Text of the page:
Friday, February 4, 2011

Post Office Prisoners

On September 17, 2010 my mom carefully wrapped several hand-made dolls in pretty blue tissue paper. Four rolls of Charmin were wedged in place to fill the box and make the dollies nice and snug for their long journey. Toilet paper in Uganda is akin to the crepe paper used to decorate at birthday parties sans the pretty colors, so don’t laugh. While not intended for a birthday party exactly, these dolls were destined to fill the arms of small orphan girls in East Africa.

These dolls made their way across the ocean and in early October found themselves locked in the Kampala Post Office Jail. Their crime? Having the post office box owner’s name alone on their container. The first trip to the Kampala Post Office resulted in learning that my name should have been on the box rather than Andy’s name. Okay. Now what?

My instructions were to have Andy send an email to a specific address indicating that it was okay for me to receive the box. That done, the email was rejected as undeliverable so a return to the Jail was impending. The same man confirmed that the email address was correct, reviewed the printed copy of the undeliverable email notice and said, “try again.” Several tries were met with the undeliverable notice. A final visit was met with more frustration and a request to “return to sender” that box, which the warden refused.

I returned to the States only to constantly worry about these girls held in the Post Office Jail and to ruminate on the 500 shillings per day I would be charged for their safekeeping.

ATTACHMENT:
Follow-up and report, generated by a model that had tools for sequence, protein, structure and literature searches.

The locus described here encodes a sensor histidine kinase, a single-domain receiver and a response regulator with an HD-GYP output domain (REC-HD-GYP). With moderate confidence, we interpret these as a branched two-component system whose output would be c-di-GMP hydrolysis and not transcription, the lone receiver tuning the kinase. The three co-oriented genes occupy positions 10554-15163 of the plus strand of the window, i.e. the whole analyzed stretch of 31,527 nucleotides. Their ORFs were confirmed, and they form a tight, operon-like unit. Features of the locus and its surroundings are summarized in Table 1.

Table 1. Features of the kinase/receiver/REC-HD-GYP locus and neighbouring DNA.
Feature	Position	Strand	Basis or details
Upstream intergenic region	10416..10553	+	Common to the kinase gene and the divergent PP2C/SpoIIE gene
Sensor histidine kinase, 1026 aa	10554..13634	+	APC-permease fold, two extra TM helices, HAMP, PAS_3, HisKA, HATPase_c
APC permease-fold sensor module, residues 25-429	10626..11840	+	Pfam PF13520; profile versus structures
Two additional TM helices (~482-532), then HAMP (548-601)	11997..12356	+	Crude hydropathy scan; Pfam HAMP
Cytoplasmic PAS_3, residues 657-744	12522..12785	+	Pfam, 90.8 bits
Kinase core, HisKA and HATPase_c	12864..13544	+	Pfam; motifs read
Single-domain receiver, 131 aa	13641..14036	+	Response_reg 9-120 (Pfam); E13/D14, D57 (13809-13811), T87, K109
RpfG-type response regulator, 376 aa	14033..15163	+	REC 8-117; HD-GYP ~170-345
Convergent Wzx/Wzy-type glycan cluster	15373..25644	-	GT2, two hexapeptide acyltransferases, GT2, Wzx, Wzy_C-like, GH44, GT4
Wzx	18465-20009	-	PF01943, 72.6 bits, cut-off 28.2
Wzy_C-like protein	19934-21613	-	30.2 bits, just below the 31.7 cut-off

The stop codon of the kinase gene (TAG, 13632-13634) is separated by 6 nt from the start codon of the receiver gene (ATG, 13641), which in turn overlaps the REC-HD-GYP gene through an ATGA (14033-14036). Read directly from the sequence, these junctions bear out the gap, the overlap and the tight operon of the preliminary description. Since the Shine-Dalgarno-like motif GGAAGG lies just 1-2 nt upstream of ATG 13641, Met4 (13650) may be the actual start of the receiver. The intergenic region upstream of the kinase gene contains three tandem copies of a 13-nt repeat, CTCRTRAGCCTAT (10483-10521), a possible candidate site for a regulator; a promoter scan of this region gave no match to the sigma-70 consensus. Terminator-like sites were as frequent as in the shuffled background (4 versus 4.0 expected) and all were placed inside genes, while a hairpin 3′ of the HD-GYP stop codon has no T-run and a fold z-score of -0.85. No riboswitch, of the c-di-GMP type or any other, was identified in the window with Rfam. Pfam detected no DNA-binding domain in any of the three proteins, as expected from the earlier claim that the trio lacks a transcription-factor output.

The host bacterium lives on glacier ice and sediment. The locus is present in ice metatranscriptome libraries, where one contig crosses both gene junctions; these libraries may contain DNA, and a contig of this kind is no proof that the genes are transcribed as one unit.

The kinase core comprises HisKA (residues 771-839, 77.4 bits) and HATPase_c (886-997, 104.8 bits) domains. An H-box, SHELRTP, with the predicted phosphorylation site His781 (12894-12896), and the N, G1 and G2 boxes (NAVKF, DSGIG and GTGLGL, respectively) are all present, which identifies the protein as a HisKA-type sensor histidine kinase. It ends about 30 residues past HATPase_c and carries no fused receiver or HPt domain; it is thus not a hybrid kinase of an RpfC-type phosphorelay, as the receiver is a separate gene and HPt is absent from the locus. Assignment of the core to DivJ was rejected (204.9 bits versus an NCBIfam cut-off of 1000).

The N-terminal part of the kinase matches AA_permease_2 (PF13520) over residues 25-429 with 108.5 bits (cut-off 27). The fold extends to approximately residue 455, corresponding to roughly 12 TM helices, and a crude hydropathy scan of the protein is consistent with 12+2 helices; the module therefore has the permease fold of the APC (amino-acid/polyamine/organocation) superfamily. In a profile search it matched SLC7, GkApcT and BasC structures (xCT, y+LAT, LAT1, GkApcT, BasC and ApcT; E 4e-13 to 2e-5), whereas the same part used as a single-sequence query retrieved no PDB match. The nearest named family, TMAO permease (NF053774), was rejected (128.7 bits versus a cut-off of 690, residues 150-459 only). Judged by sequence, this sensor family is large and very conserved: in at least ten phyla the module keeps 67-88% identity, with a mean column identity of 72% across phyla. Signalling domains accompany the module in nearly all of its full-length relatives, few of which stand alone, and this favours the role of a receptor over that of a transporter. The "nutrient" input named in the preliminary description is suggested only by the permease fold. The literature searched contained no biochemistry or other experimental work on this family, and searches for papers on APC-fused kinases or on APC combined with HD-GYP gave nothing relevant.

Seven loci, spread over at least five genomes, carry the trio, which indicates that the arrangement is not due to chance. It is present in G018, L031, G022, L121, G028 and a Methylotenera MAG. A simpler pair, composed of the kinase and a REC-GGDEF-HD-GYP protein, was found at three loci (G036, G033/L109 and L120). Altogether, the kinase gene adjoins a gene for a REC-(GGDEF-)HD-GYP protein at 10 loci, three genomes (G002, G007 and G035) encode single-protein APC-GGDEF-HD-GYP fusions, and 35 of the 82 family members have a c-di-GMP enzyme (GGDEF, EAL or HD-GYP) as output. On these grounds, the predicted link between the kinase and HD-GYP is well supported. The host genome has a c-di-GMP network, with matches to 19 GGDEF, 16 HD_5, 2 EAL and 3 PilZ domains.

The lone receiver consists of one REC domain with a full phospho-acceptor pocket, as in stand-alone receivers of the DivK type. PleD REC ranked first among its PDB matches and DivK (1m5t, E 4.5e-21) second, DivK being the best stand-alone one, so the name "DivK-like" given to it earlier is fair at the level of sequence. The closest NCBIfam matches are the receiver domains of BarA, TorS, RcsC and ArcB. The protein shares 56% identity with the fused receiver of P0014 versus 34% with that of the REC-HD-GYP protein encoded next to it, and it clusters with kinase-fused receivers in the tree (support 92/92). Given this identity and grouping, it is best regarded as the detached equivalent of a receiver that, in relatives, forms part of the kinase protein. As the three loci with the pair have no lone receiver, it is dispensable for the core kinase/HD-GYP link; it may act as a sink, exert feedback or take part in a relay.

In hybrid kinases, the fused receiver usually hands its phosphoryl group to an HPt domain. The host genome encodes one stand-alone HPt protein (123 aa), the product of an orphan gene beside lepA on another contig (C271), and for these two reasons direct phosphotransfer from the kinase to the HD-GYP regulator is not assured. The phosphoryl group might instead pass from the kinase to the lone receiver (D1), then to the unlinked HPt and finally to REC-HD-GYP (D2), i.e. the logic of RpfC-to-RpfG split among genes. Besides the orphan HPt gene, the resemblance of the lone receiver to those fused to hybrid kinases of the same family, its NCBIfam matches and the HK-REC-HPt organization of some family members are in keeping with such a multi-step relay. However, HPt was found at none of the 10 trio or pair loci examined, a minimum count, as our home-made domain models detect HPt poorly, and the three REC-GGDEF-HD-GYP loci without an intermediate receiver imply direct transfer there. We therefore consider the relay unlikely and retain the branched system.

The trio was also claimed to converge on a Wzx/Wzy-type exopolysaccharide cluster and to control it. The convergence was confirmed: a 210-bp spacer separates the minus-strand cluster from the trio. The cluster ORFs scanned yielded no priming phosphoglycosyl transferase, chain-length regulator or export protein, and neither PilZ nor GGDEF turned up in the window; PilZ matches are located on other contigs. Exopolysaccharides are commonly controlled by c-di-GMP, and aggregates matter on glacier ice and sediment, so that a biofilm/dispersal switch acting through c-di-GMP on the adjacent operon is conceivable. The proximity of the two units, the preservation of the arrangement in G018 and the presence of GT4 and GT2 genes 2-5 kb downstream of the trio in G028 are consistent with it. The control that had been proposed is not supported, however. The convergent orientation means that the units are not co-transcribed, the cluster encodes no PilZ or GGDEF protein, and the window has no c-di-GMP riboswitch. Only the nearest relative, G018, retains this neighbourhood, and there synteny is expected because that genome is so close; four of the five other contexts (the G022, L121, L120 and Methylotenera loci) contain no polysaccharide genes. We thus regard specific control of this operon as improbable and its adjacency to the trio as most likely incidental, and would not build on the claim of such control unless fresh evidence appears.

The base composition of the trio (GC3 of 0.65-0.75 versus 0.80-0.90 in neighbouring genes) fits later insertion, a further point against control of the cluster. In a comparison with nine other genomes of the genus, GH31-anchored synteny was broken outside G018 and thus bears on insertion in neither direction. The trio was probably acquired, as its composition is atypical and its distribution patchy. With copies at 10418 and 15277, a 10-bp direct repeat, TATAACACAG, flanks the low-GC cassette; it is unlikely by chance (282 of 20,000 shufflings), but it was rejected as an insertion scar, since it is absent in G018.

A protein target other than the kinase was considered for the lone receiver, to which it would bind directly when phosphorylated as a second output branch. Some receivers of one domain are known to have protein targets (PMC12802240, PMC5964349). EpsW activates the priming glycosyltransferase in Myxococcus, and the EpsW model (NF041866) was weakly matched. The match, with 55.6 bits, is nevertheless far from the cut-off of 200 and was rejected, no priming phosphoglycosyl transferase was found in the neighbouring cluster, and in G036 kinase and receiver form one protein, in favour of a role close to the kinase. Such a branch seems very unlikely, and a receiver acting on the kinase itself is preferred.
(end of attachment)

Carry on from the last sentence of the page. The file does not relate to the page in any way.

Upon my return in December I begged the warden for the release of these captives…to no avail. On January 24, 2011 I met a new person with a soft heart. “Please, oh, please release these dollies to me,” I begged. You would have been proud at my ability to be calm and quiet (as is culturally appropriate) during this trial. After retelling the entire saga she suggested that I get the signature of the man to whom the email was addressed and had been undeliverable. I wound my way through the catacombs of the jailhouse to find this man called James who very gladly put his name on the paper (what’s up with that?). He obviously didn’t even remember the case.

Returning to the parcel pick up building, I proudly showed my signed achievement. The soft hearted women then informed me that the post office was doing inventory and that she could not give me the box. Seriously?!? I departed for Kenya the next day and it would be 10 more days before I could return. Sigh.

February 3, 2011 was the day these dollies were released from their prison. The soft hearted woman questioned me thoroughly and then finally released the prisoners with the comment that I was to pay for their keeping from October to now, which totaled 64,500 UGX (about $35) plus customs charges. A bit of negotiation and she reduced their bail to 4,600 UGX (about $2.50). Whew.

A woman and a man were both seated in the customs booth. They would determine the value of the package based purely on subjective measures. That meant the woman would likely assign a higher value because moms know dolls are important for their girls. Yippee, I got the man. He sliced the box open and grinned at the TP inside and then wrote a “box of toys” on the customs paper. No one bothered to collect any bail OR customs fees and I don’t feel one bit guilty about not pointing that out to them.

Freedom! I walked proudly out of this post office jail with my dollies and toilet paper in hand. And so the saga ends. Praise God.